After a couple of discussions at the DX hackfest about cross-platform-ness and deployment of GLib, I started wondering: we often talk about how GNOME developers work at all levels of the stack, but how much of that actually qualifies as ‘core’ work which is used in web servers, in cross-platform desktop software1, or commonly in embedded systems, and which is security critical?
On desktop systems (taking my Fedora 19 installation as representative), we can compare GLib usage to other packages, taking GLib as the lowest layer of the GNOME stack:
|Package||Reverse dependencies||Recursive reverse dependencies|
(Found with repoquery --whatrequires [--recursive] [package name] | wc -l. Some values omitted because they took too long to query, so can be assumed to be close to the entire universe of packages.)
Obviously GLib is depended on by many more packages here than OpenSSL, which is definitely a core piece of software. However, those packages may not be widely used or good attack targets. Higher layers of the GNOME stack see widespread use too:
(Found with repoquery --whatrequires [package name] | wc -l.)
Widely-used cross-platform software which interfaces with servers2 includes PuTTY and Wireshark, both of which use GTK+3. However, other major cross-platform FOSS projects such as Firefox and LibreOffice, which are arguably more ‘core’, only use GNOME libraries on Linux.
How about on embedded systems? It’s hard to produce exact numbers here, since as far as I know there’s no recent survey of open source software use on embedded products. However, some examples:
- Qt pulls in GLib as an optional dependency (automatically enabled if compiled for X11, QWS or QPA) for its main loop, and is used widely in embedded systems.
- EFL optionally uses GStreamer, GLib, Avahi and IBus.
- WebOS (for smart TVs) uses GStreamer, BlueZ and ConnMan, all of which use GLib.
- GStreamer itself is a GNOME technology and has become fairly well established as an embedded multimedia platform.
- The neard NFC stack uses GLib and D-Bus.
- In GENIVI, GStreamer and BlueZ are used as well.
So there are some sample points which suggest moderately widespread usage of GNOME technologies in open-source-oriented embedded systems. For more proprietary embedded systems it’s hard to tell. If they use Qt for their UI, they may well use GLib’s main loop implementation. I tried sampling GPL firmware releases from gpl-devices.org and gpl.nas-central.org, but both are quite out of date. There seem to be a few releases there which use GLib, and a lot which don’t (though in many cases they’re just kernel releases).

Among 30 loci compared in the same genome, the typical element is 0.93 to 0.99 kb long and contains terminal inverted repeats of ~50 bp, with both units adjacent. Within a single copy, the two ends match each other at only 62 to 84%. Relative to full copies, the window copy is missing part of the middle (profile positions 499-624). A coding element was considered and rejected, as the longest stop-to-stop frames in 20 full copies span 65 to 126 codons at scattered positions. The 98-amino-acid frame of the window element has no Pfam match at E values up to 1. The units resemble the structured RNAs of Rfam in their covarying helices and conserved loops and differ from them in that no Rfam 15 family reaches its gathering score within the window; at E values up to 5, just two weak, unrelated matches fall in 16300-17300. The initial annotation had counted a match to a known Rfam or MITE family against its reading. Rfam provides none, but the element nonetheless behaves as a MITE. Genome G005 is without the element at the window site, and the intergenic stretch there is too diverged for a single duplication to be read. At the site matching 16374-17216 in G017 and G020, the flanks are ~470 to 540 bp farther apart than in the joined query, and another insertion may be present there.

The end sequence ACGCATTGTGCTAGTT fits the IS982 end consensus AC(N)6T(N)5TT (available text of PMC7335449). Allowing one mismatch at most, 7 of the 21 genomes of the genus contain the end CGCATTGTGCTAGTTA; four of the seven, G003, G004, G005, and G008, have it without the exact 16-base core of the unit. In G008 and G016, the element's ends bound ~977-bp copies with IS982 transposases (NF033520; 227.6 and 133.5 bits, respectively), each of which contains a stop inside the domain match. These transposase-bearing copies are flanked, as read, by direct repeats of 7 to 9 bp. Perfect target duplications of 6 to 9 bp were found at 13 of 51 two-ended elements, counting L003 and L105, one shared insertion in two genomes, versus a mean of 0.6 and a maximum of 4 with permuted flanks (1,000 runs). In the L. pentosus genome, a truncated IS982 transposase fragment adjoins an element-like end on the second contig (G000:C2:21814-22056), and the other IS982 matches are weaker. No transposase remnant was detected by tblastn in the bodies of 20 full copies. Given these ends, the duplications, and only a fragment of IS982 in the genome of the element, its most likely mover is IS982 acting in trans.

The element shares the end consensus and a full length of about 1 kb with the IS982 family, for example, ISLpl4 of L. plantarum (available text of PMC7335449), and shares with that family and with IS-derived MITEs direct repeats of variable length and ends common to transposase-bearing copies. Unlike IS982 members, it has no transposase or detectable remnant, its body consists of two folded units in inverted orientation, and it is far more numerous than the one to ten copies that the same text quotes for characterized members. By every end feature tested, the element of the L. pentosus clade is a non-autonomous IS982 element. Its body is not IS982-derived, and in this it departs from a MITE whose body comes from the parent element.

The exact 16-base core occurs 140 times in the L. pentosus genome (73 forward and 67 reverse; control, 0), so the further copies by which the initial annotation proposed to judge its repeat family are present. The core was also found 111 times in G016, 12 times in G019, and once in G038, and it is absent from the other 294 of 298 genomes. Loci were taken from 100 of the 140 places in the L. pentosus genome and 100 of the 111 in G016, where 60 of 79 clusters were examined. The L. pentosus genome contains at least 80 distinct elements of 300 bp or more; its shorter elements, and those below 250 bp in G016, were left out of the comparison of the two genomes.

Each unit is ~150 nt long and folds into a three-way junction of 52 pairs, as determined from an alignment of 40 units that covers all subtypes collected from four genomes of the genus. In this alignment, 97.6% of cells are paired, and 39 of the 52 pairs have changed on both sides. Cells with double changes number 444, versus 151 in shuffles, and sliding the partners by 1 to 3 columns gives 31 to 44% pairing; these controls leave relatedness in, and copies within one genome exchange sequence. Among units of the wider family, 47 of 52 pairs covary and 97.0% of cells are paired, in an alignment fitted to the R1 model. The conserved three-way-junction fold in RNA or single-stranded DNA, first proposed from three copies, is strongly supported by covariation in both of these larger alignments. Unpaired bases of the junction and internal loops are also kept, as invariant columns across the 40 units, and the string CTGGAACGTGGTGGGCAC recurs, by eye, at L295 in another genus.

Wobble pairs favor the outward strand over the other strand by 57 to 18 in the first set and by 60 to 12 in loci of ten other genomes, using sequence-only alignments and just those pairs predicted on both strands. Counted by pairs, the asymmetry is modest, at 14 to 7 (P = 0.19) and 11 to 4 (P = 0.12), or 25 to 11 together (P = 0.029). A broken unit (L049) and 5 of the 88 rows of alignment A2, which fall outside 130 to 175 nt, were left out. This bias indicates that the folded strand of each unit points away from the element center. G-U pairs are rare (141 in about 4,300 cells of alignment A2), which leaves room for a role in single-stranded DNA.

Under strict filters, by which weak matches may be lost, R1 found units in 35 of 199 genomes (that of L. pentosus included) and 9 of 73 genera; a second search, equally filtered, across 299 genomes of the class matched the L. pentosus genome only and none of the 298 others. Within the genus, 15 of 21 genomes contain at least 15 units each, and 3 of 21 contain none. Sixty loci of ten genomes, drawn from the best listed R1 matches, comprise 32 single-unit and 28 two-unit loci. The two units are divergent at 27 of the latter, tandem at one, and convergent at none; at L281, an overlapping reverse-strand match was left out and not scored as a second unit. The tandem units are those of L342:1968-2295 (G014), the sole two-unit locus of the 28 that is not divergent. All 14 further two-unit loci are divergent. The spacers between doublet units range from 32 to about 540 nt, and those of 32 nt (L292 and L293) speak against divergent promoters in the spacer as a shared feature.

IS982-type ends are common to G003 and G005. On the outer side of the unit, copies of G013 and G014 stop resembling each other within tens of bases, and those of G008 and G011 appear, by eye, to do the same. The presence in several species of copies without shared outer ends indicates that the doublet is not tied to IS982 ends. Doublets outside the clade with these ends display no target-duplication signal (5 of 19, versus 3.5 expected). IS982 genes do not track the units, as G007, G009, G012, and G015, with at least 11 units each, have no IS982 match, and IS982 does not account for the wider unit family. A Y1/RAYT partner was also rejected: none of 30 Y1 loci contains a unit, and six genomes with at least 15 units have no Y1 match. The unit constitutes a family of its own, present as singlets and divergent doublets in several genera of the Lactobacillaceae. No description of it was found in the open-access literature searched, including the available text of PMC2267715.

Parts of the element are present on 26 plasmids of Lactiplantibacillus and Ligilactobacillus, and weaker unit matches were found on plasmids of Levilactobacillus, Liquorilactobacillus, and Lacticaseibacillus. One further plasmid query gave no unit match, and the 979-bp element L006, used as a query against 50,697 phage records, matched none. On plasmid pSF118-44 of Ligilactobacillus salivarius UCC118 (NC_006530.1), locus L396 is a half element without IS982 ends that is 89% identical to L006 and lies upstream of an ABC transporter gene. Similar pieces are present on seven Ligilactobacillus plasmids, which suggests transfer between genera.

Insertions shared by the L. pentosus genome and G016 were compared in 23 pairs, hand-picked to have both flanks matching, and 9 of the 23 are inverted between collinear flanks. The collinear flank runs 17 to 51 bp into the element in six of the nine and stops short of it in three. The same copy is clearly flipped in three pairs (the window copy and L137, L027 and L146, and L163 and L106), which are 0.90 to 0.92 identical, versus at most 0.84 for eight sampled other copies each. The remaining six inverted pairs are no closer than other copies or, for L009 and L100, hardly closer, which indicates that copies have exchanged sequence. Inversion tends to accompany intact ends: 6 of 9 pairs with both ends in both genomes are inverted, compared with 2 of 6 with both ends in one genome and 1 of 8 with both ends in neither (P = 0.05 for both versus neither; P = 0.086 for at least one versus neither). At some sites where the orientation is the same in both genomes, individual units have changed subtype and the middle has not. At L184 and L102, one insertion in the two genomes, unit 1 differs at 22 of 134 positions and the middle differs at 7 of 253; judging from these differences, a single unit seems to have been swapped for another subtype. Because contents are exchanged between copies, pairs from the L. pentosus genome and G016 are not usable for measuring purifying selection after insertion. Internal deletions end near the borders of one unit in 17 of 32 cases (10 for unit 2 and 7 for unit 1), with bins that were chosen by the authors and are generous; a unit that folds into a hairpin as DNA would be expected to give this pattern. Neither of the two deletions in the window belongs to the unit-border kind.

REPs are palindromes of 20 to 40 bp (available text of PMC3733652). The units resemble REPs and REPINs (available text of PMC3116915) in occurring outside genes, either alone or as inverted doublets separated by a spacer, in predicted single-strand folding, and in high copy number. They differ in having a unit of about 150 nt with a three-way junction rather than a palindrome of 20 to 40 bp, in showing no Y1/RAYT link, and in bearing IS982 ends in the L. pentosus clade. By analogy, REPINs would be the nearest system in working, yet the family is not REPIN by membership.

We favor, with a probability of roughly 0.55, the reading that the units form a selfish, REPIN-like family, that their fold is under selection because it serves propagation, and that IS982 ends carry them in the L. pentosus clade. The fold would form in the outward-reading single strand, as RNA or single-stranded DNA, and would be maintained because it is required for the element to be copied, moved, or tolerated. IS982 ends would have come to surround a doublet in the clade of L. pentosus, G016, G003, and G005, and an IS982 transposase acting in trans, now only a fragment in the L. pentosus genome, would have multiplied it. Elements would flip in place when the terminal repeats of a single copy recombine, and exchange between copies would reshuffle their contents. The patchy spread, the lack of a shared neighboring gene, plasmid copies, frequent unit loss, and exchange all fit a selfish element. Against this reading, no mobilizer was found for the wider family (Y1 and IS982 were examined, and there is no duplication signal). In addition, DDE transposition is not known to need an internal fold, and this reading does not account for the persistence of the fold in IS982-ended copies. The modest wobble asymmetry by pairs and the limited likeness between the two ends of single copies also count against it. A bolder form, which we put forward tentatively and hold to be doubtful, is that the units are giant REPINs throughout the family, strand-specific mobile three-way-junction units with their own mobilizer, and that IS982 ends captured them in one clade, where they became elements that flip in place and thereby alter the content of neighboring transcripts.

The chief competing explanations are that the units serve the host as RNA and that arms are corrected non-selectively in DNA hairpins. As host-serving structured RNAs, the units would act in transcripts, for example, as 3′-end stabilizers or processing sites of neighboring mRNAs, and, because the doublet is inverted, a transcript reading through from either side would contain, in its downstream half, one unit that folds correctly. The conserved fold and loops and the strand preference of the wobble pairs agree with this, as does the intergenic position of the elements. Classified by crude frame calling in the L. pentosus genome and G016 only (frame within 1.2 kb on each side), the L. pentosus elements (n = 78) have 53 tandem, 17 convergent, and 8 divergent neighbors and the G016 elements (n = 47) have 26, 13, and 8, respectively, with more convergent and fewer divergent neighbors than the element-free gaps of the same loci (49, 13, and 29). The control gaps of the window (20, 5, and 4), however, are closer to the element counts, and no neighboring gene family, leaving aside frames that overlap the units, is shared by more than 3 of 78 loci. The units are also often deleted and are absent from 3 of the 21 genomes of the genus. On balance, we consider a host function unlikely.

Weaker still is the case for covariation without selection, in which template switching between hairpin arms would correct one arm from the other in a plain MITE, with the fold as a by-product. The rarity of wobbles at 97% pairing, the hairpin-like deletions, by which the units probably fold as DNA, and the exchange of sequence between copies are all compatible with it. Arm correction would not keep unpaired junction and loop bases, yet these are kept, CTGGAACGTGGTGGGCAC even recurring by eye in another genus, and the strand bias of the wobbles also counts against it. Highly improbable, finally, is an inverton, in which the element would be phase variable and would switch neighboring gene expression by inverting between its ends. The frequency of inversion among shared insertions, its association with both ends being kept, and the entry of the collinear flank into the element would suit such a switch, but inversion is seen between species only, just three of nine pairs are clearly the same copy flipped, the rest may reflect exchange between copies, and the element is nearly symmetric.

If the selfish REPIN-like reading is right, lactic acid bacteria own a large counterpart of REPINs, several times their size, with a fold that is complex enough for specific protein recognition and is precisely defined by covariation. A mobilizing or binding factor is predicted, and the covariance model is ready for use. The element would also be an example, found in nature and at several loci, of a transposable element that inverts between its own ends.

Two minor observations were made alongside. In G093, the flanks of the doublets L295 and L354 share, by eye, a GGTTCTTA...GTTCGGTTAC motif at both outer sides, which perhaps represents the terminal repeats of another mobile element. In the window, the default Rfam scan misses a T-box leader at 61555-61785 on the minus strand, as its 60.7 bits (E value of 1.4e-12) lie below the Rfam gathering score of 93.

Servers are probably the largest attack surface for core infrastructure. How do GNOME technologies fare there? On my CentOS server:
- GLib is used by the popular web server lighttpd (via gamin),
- the widespread logging daemon syslog-ng,
- all MySQL load balancing via mysql-proxy, and
- also by QEMU.
- VMware ESXi seems to use GLib (both versions 2.22 and 2.24!), as determined from looking at its licencing file. This is quite significant — ESXi is used much more widely than QEMU/KVM.
- The Amanda backup server uses GLib extensively,
- as do the clustering solutions Heartbeat and Pacemaker.
I can’t find much evidence of other GNOME libraries in use, though, since there isn’t much call for them in a non-graphical server environment. That said, there has been heavy development of server-grade features in the NetworkManager stack, .
So it looks like GLib, if not other GNOME technologies, is a plausible candidate for being core infrastructure. Why haven’t other GNOME libraries seen more widespread usage? Possibly they have, and it’s too hard to measure. Or perhaps they fulfill a niche which is too small. Most server technology was written before GNOME came along and its libraries matured, so any functionality which could be provided by them has already been implemented in other ways. Embedded systems seem to shun desktop libraries for being too big and slow. The cross-platform support in most GNOME libraries is poorly maintained or non-existent, limiting them to use on UNIX systems only, and not the large OS X or Windows markets. At the really low levels, though, there’s solid evidence that GNOME has produced core infrastructure in the form of GLib.